Something that I don’t see covered much in stories about this widespread child abuse and their cover ups is that the church has an incentive for moving child molesting priests around instead of punishing them. There’s a severe shortage of Catholic priests right now, which has been worsening for as long as I can remember. There simply aren’t many new priests coming in, and the old ones are dying, retiring, or leaving the faith.
My generation is possibly the least religious one in all of American history, and it’s part of a continuing trend of decreasing religiosity. Throughout my childhood, I was told to “pray for vocations” and young boys were encouraged to consider priesthood. Yet one could quickly see that for most children, unmarried life was not appealing. They didn’t even know about sex, and they still didn’t want to be unmarried. I for one always viewed priesthood and religious life–whether of a cloistered nun or even an non-cloistered sister– as lonely and unnecessarily strict. I wanted more freedom than religious vows allow. More than that though, I wanted to get married. I think Catholic boys, even religious ones, often do too. It’s part of the American dream, after all.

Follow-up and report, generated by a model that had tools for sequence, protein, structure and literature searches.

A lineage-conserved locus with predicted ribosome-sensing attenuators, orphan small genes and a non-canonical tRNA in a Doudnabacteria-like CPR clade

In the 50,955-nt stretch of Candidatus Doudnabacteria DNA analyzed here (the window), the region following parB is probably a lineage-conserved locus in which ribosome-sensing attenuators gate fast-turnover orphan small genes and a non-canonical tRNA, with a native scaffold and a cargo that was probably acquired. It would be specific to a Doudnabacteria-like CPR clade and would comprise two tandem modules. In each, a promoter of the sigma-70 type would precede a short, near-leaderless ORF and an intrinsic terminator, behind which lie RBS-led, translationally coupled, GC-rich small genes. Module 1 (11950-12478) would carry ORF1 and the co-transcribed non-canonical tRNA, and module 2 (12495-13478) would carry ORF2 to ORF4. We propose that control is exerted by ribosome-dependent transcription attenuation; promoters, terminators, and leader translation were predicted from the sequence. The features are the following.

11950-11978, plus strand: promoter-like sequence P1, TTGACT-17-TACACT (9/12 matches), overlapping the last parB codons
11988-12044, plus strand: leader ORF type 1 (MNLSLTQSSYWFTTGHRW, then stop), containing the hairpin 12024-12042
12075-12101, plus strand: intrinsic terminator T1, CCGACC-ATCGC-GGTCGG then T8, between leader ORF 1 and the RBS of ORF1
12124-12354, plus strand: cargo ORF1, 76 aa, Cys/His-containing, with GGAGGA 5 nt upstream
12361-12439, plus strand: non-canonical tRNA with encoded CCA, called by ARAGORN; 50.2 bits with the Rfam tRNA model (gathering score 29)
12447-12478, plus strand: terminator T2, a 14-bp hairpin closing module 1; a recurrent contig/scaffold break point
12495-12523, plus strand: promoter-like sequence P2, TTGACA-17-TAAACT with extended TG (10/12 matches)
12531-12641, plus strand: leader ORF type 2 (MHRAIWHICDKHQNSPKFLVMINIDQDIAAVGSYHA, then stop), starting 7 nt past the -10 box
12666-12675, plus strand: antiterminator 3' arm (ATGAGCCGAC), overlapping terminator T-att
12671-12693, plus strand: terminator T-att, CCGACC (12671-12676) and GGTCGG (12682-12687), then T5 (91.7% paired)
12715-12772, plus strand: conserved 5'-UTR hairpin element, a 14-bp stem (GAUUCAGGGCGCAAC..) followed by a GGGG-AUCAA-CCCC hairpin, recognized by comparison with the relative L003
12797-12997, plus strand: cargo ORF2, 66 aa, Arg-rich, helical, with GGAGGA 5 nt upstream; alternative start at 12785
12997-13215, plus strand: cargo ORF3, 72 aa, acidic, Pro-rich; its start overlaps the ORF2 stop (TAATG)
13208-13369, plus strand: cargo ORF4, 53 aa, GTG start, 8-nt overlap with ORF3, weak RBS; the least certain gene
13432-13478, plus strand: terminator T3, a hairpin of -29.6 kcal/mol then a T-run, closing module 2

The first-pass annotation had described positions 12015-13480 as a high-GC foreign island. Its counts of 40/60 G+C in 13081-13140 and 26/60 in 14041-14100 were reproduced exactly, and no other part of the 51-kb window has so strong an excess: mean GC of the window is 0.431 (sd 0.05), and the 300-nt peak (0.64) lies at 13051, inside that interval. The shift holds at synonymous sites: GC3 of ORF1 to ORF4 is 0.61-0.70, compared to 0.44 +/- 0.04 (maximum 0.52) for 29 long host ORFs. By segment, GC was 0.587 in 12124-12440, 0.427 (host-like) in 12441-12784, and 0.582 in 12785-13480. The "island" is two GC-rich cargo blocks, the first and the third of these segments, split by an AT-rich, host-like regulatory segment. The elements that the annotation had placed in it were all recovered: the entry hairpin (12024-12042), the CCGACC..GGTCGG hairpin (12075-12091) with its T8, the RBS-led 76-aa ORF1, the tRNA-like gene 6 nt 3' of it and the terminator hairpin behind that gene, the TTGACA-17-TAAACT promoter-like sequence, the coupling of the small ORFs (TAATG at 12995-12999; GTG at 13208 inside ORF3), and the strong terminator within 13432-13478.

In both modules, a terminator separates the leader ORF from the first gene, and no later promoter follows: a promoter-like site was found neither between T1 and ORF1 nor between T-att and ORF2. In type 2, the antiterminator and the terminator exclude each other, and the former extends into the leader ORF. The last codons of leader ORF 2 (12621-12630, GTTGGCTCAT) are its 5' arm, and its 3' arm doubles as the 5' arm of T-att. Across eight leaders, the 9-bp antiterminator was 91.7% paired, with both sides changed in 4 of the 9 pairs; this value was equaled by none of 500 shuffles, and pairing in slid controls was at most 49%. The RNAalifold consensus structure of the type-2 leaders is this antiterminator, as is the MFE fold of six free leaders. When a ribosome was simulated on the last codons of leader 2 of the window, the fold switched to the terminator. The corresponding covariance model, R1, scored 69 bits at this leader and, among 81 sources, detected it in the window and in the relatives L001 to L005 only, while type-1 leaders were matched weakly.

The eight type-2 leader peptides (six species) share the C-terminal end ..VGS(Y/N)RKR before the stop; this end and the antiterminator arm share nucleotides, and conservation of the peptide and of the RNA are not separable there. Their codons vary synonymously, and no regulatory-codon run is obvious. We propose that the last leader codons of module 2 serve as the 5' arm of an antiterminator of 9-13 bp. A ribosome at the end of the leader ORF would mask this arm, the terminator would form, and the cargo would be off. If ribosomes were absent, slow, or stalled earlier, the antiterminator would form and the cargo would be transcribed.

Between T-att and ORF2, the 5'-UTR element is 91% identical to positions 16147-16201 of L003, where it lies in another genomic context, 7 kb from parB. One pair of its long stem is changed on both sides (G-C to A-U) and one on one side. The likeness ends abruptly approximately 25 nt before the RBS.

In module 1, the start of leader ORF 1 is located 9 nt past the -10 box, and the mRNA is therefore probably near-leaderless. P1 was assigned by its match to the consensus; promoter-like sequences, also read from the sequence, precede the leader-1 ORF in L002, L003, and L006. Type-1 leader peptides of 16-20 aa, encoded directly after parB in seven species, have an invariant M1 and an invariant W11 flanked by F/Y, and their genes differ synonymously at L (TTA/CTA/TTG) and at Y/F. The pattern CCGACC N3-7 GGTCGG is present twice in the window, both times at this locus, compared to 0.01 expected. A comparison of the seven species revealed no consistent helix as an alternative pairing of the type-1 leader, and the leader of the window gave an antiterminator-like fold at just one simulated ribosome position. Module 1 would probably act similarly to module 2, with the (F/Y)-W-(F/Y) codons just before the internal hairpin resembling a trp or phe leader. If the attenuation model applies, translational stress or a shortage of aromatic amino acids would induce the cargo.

So when the church realizes it can’t get new priests easily, it clings desperately to its old ones. Even, sadly, to the disgusting child rapist monsters the faith organization has been protecting.
I love my parents. I sincerely hope that this delusion my father has about the rape accusations being mostly false is isolated to him. Unfortunately however, I’ve never seen any indication that that is the case. As long as the church maintains this idea, it will keep on protecting the accused from investigation, clinging to its priests instead of protecting children and youths. If you’re Catholic and you’re reading this, I implore you to keep your eyes open. Your parish priests may be perfectly wonderful people, your youth ministers the epitome of piety, and I hope that’s the case. But if you find out that that is not the case, don’t alert the pastor, or the bishop. Go to the police immediately, because as we’ve seen in recent years, the church authorities can’t be trusted to take this problem seriously.
As always, feel free to leave a comment. If you want to defend the church or argue against its actions, go ahead. Just be respectful to other people and think things through before posting.